Slim waist, fair skin, big eyes, and high cheekbones made it to the list of the “perfect” woman. Ever since we were young girls, society (read: relatives, neighbourhood aunties, and even our own parents) subjected us to ruthless and inappropriate remarks on our appearance. Those who couldn’t tick off these parameters were isolated or termed ‘unattractive’, thereby affecting their mental wellbeing.
Unfortunately, social media platforms have been feeding on the same insecurities, and as hard as it is for most of us to admit, our lives today certainly revolve around the number of likes and comments we garner on our posts.
We can’t deny the many benefits of social media, but hey, sit back and think of how much time you’ve last spent before uploading that picture? No, it doesn’t take too long to put out a post, but it surely takes a sizable amount of time to find the perfect filter.
The dark side of social media
Tons of Instagram and Snapchat filters available today help you fade your blemishes, rendering your skin smooth and supple just like your favourite actors and models. And then you could also pick options that promise you bigger eyes, defined cheekbones, chiselled jawlines and a pointed nose — all within a matter of minutes, and that’s exactly how we are all slipping into a sinister territory.
This face that you are displaying to the world is not real in any way - it has been refashioned to change your appearance, in accordance with the beauty ideals that are simply unattainable. In the end, it is most likely that you start feeling worse about your own body and battle identity issues in the race to attain “perfection”.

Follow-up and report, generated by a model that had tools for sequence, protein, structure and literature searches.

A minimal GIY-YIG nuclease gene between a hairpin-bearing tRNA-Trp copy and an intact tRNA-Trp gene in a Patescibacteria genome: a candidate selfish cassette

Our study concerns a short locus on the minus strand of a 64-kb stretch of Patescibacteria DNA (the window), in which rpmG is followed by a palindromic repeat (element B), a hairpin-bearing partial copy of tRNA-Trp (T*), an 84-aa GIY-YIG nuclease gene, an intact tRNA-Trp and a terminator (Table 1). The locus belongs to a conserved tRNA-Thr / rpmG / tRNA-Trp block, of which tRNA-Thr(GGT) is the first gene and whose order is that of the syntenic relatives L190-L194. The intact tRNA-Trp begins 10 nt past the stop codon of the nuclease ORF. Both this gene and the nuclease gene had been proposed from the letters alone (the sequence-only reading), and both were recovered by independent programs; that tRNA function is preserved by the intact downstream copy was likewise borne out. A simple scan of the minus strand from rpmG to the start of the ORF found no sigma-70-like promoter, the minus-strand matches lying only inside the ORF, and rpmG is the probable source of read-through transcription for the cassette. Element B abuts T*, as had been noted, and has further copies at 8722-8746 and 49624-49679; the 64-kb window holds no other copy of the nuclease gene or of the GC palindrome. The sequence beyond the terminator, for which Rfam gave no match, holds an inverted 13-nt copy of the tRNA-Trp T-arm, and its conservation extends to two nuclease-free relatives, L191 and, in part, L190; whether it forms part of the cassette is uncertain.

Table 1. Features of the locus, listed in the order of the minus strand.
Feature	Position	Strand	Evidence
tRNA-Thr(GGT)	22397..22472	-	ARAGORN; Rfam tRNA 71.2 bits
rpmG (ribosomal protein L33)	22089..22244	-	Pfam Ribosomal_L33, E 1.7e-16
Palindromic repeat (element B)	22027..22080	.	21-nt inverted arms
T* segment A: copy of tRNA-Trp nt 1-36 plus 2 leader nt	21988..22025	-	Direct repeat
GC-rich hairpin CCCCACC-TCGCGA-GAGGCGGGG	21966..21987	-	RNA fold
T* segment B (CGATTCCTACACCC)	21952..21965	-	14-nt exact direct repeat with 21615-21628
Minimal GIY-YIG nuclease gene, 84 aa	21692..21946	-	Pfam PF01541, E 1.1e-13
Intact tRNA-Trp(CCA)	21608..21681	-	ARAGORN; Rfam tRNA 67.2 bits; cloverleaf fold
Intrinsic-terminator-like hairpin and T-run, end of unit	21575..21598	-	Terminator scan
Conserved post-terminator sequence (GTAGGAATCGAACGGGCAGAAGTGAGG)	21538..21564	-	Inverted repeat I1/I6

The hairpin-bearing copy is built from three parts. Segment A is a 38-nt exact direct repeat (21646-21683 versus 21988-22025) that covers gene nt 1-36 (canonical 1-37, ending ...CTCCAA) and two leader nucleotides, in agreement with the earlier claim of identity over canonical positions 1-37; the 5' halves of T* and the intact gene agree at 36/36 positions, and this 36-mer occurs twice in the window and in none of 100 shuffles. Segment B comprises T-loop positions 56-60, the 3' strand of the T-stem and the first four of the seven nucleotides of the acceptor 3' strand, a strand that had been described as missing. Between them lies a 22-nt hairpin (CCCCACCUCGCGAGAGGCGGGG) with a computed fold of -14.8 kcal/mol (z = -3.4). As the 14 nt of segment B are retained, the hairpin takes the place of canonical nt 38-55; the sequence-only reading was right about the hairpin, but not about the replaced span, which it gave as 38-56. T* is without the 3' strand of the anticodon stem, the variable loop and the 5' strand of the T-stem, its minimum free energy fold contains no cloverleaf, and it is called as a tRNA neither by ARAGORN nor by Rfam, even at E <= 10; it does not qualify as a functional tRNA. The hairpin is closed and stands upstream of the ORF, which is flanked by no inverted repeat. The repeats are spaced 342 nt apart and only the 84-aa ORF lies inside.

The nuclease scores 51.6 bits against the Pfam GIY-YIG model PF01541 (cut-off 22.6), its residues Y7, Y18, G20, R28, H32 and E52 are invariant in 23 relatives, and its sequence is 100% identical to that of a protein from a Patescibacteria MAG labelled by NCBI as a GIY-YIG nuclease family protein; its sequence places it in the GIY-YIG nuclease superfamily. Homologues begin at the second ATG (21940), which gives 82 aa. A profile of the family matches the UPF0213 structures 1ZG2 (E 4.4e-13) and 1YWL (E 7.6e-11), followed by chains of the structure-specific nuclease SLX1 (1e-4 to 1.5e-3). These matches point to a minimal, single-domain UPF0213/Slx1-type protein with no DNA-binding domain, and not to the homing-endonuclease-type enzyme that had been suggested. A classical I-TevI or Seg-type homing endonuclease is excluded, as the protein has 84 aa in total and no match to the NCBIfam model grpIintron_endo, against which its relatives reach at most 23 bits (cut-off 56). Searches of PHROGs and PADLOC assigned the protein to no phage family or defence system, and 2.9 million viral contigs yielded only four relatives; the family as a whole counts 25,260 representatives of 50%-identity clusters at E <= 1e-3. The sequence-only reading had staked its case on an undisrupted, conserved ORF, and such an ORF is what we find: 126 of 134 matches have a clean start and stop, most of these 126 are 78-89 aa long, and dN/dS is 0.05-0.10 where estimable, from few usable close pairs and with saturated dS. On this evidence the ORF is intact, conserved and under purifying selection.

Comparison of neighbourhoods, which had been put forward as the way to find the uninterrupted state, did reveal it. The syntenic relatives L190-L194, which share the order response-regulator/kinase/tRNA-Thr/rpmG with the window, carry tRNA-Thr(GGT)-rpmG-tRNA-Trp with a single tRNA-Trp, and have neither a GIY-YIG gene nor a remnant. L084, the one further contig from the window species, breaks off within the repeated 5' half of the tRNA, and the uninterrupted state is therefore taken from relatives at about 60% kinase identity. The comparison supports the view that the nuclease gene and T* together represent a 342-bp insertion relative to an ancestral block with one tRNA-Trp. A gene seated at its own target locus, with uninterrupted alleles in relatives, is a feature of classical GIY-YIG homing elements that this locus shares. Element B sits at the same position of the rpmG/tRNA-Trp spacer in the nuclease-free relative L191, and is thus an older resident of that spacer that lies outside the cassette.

The game doesn’t end here. Striving to fit the accepted norms of beauty, people are now leaning on cosmetic enhancements to become an improved version of themselves. .
“Women (and even men) today have become increasingly conscious about the way they look, so much so that they are ready to go under the knife, only to achieve a certain appearance. But even then, these filters are so unrealistic that cosmetic procedures can’t give you the same effect. It is important to be accepting of what you have, instead of chasing these ideals,” shares Alap Bhardwaj, a cosmetic surgeon.
Filters and mental health
A few Instagram and Snapchat filters come with fun stickers (that’s how it all began), and if used occasionally, cause no harm. But with plastic-surgery-like filters offered on these apps, chances are likely that a huge number of people fall prey to mental health issues like facial dysmorphia, anxiety and even depression.
Facial dysmorphia is a mental health condition in which a person lays emphasis on the most minor physical flaws, be it skin imperfections, the way they smile, as well as their weight. The obsession is so real that without even realising, they click pictures of themselves, and in the next moment, start to “fix” the so-called imperfections using various beauty apps. Every time these people look into the mirror, they hate what they see, which affects their self-worth even more.
“Today, it's rare seeing images of anything unfiltered. When all you see are filters, you truly start believing that perfection is the standard we should all be aspiring towards. Teenage girls start to use these filtered images as a measure and constantly feel inadequate. Instagram filters tell us that we can be perfect if we just morph different parts of us, leading us to believe that who we are and how we look isn't enough,” shares Anushka Kelkar, a Mumbai-based photographer who runs the Instagram page Browngirlgazin.
A tribe of responsible influencers